WASHINGTON — The former head of the Department of Homeland Security's Cybersecurity and Infrastructure Security Agency said Sunday that adversaries have attempted to steal intellectual property related to the coronavirus vaccine.
"The big four, Russia, China, Iran and North Korea we have seen to some extent all four of those countries doing some kind of espionage or spying, trying to get intellectual property related to the vaccine," Chris Krebs, former CISA Director said on CBS "Face the Nation."
"What we had been thinking through at CISA was not just the vaccine developers but their entire supply chain and really trying to look for those critical weak spots," Krebs said.
"So it's not just about Moderna and some of the others that are developing the vaccine — it's their supply chains, its the distribution channels and public health institutions," he said. "Those are the folks that we have to continue to spread cybersecurity support to from the national security community and from the private sector."
IBM released a report last week which found a global phishing campaign targeting the Covid-19 cold chain, a part of the supply chain that preserves vaccines a low temperatures during storage and transit. CISA encouraged organizations associated with Operation Warp Speed, the U.S. vaccine program, to review the IBM report for any indicators they may have been compromised.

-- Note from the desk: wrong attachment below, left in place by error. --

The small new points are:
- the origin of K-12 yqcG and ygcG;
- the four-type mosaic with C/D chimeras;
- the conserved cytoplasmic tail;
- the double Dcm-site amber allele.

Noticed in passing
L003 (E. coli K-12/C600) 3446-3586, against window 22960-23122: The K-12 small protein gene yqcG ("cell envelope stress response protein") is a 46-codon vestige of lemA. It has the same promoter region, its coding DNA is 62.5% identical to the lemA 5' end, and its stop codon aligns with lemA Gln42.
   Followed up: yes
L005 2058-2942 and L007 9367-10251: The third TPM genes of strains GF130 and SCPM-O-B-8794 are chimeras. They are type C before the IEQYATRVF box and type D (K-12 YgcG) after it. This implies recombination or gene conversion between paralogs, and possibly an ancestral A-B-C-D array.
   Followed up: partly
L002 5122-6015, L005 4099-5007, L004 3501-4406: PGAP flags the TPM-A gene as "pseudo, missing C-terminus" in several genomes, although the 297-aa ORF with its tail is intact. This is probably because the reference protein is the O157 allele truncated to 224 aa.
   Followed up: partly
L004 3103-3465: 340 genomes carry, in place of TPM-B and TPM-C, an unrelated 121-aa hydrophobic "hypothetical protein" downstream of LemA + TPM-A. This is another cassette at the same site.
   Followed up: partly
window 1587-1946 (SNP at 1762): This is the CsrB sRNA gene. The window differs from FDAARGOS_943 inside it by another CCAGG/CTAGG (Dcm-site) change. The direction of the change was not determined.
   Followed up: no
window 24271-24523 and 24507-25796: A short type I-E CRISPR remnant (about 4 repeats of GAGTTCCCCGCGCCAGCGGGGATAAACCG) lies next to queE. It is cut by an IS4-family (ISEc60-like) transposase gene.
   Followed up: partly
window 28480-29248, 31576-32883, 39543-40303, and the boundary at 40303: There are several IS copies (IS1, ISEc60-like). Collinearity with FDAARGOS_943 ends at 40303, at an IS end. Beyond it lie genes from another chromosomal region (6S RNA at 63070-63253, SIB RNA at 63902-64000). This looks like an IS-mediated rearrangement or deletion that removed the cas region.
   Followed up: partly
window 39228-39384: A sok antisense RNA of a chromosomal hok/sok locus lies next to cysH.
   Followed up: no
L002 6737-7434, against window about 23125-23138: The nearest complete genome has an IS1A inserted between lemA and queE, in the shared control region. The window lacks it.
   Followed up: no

Krebs, the former head of the CISA, was responsible for leading the effort to protect U.S. elections. He was fired by President Donald Trump in a pair of tweets last month.
Trump said that Krebs gave a "highly inaccurate" statement about the security of the 2020 presidential election.
Trump, who has not yet conceded to president-elect Joe Biden, alleged that the election was riddled with "massive improprieties and fraud." Twitter labeled the president's tweets with a warning the claim about election fraud is disputed.
Krebs had previously said that there is no evidence the elections were compromised by foreign interference.
"It is time for leaders in the national security community, in the Republican party to stand up, accept the results and move forward," said Krebs, a life long Republican.